Cuba’s newest protected area covers 728 km2 of vibrant mangrove forests, seagrass beds, and climate-resilient corals
For immediate release, January 28, 2022
Cuba has just declared Este del Archipiélago de Los Colorados (“East of Los Colorados Archipelago”), a new marine protected area. This new MPA covers about half of one of the four major archipelagos surrounding the country, and hosts exceptional marine life including Antillean manatees, American crocodiles, and critically endangered Hawksbill sea turtles.
Establishment of this new protected area is a result of years of collective effort from communities, nonprofits, scientists, and protected area and fisheries authorities. It involved a participatory zoning process and building consensus in approving the proposed MPA, an extensive project supported by WCS every step of the way.
Los Colorados Archipelago encompasses a chain of 160 keys extending about 140 miles off Cuba's northwestern coast. Extensive patch reefs, reef crests, and fore reefs sustain key spawning aggregations, including Corona de San Carlos - a massively important spawning site providing fish larvae and supporting the replenishment of fish stocks in waters as far away as the southern United States.
The new MPA encompasses 72,800 hectares ( 728 square kilometers / 281 square miles) of coastal marine ecosystems, including mangroves, seagrass beds, and coral reefs - ecosystems that provide a first barrier of defense against severe storms and hurricanes worsened by climate change. It includes a 27,200-hectare (272 square kilometers / 105 square miles) core “replenishment” zone called Corona San Carlos Wildlife Refuge, where no fishing is permitted, plus a series of other zones with limited and regulated activities where some sustainable use of natural resources is permitted.
“It has been inspiring to see people coming together to protect this incredible place,” said Natalia Rossi, Director of the WCS Cuba Program. “Understanding that the health of coral reefs, seagrasses and mangroves is connected to the quality and quantity of fish available was a key step of the process."
Ecological surveys conducted in support of the establishment of this new MPA revealed an incredible range of biodiversity, including abundant populations of Antillean manatees found in seagrass beds, mouths of rivers and inlets across the archipelago; green, hawksbill and occasionally leatherback sea turtles; American crocodiles in the extensive coastal mangroves; and multiple types of shorebirds. The numerous keys and coastal vegetation in the MPA constitute an important corridor for North American migratory birds, and about half of Cuba’s endemic birds can be found here.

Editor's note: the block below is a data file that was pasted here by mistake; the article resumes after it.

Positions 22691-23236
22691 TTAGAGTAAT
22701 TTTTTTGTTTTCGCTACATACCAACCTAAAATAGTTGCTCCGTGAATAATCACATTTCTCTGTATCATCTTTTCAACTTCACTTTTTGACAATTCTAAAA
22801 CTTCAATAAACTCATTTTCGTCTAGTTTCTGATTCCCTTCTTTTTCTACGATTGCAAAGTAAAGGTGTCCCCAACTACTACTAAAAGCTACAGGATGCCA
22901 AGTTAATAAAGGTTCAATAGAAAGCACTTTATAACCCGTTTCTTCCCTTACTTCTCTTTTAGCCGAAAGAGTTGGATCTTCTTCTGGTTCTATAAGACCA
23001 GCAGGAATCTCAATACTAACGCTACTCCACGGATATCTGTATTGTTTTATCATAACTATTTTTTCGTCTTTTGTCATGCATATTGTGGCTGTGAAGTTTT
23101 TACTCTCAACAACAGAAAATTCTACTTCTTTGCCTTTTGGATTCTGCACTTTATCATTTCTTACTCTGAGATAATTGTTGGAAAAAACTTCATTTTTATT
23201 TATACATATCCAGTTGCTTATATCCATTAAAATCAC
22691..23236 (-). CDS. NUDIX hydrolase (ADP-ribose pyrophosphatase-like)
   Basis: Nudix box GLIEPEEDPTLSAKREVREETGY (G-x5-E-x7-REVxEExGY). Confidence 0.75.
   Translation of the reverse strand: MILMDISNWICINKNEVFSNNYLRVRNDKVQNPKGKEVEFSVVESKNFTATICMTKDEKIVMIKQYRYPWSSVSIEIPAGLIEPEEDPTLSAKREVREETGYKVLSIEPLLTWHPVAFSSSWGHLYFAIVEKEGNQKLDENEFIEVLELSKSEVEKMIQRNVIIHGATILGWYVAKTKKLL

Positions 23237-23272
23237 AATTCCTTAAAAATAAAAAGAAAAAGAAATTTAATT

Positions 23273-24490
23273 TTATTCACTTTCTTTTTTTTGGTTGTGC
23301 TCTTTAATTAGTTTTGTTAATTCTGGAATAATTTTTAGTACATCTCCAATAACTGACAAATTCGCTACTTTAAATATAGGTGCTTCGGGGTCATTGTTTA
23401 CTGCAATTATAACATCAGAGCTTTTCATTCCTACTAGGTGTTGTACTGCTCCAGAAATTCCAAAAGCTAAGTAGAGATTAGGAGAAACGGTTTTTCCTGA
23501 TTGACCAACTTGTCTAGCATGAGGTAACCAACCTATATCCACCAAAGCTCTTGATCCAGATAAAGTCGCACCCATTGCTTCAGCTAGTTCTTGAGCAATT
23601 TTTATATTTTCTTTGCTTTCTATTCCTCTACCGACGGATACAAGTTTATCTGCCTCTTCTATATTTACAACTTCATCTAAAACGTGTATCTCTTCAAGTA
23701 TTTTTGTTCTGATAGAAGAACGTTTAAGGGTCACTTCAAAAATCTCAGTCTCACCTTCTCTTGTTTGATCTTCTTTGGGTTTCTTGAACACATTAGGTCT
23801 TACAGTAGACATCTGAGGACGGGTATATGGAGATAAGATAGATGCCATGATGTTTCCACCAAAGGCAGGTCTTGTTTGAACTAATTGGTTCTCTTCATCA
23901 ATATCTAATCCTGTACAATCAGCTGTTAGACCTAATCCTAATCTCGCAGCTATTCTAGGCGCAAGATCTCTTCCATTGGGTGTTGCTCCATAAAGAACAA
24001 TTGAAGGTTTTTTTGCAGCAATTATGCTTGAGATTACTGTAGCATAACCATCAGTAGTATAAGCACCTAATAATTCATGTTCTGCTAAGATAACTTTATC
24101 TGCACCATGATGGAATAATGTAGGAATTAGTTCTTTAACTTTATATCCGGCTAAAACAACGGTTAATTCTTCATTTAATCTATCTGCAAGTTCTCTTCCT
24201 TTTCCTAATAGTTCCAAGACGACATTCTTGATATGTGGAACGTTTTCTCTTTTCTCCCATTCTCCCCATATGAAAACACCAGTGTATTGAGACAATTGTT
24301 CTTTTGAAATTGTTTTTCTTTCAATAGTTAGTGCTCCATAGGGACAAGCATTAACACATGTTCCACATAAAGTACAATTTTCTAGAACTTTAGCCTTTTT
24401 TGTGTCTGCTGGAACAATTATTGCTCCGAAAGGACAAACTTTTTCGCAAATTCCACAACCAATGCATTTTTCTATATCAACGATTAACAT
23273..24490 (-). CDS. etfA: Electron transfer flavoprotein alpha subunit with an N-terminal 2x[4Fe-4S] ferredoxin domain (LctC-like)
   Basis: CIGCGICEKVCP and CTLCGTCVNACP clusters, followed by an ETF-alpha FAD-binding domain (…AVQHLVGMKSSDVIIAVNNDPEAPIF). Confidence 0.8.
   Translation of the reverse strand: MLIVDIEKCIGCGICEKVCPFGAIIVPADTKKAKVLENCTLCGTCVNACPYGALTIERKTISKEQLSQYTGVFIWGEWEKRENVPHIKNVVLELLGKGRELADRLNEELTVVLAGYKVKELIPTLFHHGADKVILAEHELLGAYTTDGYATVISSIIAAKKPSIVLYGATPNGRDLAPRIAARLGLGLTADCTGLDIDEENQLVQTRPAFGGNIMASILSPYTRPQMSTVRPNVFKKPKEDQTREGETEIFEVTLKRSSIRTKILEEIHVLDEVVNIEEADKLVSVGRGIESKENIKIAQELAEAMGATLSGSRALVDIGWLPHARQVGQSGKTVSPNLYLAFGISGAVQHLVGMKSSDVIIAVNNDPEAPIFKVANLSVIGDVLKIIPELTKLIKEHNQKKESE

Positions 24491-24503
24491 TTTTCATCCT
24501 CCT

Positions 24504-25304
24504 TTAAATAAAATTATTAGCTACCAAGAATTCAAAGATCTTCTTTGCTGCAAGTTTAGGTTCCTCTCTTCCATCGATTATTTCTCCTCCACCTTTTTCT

The creation of Este del Archipiélago de Los Colorados is part of a nation-wide effort by local communities, research institutions, local NGOs, and environmental authorities to increase the protection of the country’s coasts and waters. This MPA contributes to fulfilling global targets for marine conservation and coastal protection based on well-preserved coastal-marine ecosystems. WCS congratulates Cuba for this incredible achievement, and applauds the protection of important blue carbon ecosystems like mangroves and seagrass beds that increase climate change resilience.
“Protected areas play vital roles in combating the interrelated climate, biodiversity and human health crises – all of which are being felt deeply across the Caribbean Islands,” said Jenny Daltry, Re:wild’s Caribbean Alliance director. “I am delighted that Re:wild has been able to support Cuba's magnificent collaborative effort to conserve the Este del Archipiélago de Los Colorados, which, at well over 70,000 hectares, is now one of the biggest protected area in this region.”
WCS’s contributions to this important milestone for marine conservation have been generously supported by Re:wild, Bloomberg Philanthropies' Vibrant Oceans Initiative, Oceans 5 (a sponsored project of Rockefeller Philanthropy Advisors), and donors to the WCS MPA Fund. WCS is committed to working long-term with the managers and local communities of East of Los Colorados Archipelago to establish and maintain effective conservation management.
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Photo by Gregory Piper